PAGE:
American involvement in Cuba begins long before Castro and the current socialist government. To understand the harm our government's actions have brought to the people of Cuba  requires looking at this history. To understand the present, we must look at the past.  

All through the 1800s many Americans advocated annexing, buying, or otherwise expanding U.S. influence in Cuba. Commercial gain, increasing trade, and expanding slave territory were the primary motivations. By the 1890s, the U.S. was a dominant trading partner with Spanish Cuba. When Cuban revolutionaries began fighting Spanish rule in 1895, these commercial interests were hurt financially by the disruption of war. To help protect these commercial interests, we went to war against Spain, using Cuban independence to  justify American intervention.

Friday, March 6, 2015

What's Next After "Right to Work"?

In 2011, Wisconsin Gov. Scott Walker introduced the innocuously named “Budget Repair Bill.” The sweeping legislation contained both fiscal measures — reduced support for public education, state Medicaid programs, and regulatory agencies, as well as lower property and capital taxes — and a labor law amendment that all but outlawed collective bargaining for public sector employees and created new barriers to union organizing.

After decades of neoliberal advance and the emergence of the Tea Party, none of this — even in a state with a progressive history — was especially surprising. But this time it sparked dogged resistance: a two-and-a-half-week occupation of the State Capitol, demonstrations topping one hundred thousand people, and “sick out” work stoppages by teachers across the state.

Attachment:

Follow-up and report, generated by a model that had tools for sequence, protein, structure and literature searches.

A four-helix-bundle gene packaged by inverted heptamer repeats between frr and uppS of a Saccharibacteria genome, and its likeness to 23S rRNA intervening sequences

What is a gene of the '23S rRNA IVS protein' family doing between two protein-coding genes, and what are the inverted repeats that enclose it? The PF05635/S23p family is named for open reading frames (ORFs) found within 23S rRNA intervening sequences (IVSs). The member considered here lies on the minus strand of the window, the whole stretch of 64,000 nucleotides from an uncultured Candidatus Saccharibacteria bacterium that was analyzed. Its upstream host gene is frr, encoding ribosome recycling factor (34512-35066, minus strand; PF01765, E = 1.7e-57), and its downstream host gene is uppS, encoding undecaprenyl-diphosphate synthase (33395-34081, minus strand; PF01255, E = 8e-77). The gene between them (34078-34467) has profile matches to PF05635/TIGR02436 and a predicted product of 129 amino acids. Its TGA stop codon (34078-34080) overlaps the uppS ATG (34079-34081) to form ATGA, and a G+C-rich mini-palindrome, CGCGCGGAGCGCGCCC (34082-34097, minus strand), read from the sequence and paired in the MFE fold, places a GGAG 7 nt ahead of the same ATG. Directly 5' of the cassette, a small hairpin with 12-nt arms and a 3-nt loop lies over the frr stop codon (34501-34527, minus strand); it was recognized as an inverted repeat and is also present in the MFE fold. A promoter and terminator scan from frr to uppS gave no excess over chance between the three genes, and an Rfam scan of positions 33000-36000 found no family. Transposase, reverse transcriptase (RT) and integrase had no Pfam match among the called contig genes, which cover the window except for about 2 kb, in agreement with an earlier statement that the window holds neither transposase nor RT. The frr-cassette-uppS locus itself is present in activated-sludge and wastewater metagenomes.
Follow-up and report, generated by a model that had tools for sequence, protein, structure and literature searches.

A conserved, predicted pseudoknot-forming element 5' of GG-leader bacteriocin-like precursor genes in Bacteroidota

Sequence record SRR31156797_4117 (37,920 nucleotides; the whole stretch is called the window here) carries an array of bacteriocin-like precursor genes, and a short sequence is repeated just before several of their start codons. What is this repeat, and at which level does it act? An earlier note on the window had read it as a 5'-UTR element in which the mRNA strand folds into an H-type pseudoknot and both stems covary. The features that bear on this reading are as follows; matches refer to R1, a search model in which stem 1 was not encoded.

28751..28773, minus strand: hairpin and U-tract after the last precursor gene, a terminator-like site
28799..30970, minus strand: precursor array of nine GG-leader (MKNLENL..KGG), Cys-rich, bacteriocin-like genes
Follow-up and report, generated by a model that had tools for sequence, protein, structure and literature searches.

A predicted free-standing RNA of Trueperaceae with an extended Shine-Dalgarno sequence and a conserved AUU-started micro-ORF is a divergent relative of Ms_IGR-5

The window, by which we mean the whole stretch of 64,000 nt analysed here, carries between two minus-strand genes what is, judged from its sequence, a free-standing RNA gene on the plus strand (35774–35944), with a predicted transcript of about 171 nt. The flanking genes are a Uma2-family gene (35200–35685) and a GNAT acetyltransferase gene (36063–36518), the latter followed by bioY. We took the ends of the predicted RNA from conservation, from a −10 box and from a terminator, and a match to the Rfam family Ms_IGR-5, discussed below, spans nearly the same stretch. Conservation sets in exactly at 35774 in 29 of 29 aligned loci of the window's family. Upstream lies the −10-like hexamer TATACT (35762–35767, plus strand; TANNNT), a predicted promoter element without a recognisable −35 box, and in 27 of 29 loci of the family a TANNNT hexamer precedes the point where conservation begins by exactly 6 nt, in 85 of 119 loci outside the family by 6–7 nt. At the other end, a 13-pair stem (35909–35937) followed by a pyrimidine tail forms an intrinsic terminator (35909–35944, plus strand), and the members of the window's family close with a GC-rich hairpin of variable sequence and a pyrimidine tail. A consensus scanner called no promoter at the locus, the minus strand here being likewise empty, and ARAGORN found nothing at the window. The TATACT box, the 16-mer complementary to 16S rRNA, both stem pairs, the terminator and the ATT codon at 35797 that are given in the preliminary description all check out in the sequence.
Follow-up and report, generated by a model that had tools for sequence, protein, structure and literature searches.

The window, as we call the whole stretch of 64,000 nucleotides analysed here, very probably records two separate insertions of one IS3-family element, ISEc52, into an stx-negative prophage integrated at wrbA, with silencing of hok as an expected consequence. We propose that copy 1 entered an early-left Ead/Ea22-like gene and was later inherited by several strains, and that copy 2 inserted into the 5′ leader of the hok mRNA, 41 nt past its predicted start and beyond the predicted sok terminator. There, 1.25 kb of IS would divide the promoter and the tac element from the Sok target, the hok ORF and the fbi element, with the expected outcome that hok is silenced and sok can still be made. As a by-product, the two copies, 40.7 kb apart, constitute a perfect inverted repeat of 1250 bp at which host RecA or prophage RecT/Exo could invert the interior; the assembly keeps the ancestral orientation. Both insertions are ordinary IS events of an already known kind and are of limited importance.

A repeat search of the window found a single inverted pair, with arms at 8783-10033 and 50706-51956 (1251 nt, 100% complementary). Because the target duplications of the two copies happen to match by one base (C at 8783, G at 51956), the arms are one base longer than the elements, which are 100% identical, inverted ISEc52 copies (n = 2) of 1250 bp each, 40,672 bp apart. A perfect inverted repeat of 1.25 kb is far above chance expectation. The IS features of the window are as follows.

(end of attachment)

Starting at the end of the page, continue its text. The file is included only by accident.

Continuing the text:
When the capitol was cleared, however, the mobilization that began with the demand to “kill the bill” was funneled into the effort to electorally oust Walker. In the 2012 recall, in a replay of the 2010 gubernatorial election, Milwaukee Mayor Tom Barrett lost to Walker — by an even greater margin than before.

Saturday, February 21, 2015

Say "NO!" to "Right to Work" in Wisconsin!

Reactionary legislators have announced that they have the votes to fast track a "Right to Work" bill and have it ready for the Governor to sign within a few weeks. And it doesn't sound like they're bluffing. This would devastate our state's labor movement.

Right to Work is nothing more than an attempt by Big Business to drive down wages. Despite its progressive sounding name, "Right to Work" legislation is an anti-working class proposal that would make it illegal to require all workers at a unionized workplace to join the union. This will mean smaller, weaker unions that will have a much harder time negotiating with the bosses. It will mean lower wages and benefits. 

Join us for a rally against this union-busting piece of legislation.  We'll be protesting on Feb. 26 from 5:30-6:30pm at the City Center Park at the corner of Belknap St. and Tower Ave. in front of the Superior Public Library.  Bring a friend; in fact bring ALL your friends!

Below is a link for a PDF flier for the protest.  Please print it out and distribute!

And please sign the online petition that has been set up by the Wisconsin AFL-CIO.  Here is the link for it:

Now is the time to raise our voice against this reactionary legislation. Lets stand together and show the power that solidarity still has!

Friday, February 6, 2015

More Than 1 Million Minnesotans Lack Paid Sick Leave

Forty-one percent of Minnesota workers lack access to even a single day off to care for themselves, a sick child or loved one, according to a statewide analysis.

At the news conference announcing the campaign for paid sick time, Jessica Milli, Senior Research Associate at the Institute for Women’s Policy Research, reviewed the results of a studyreleased last September.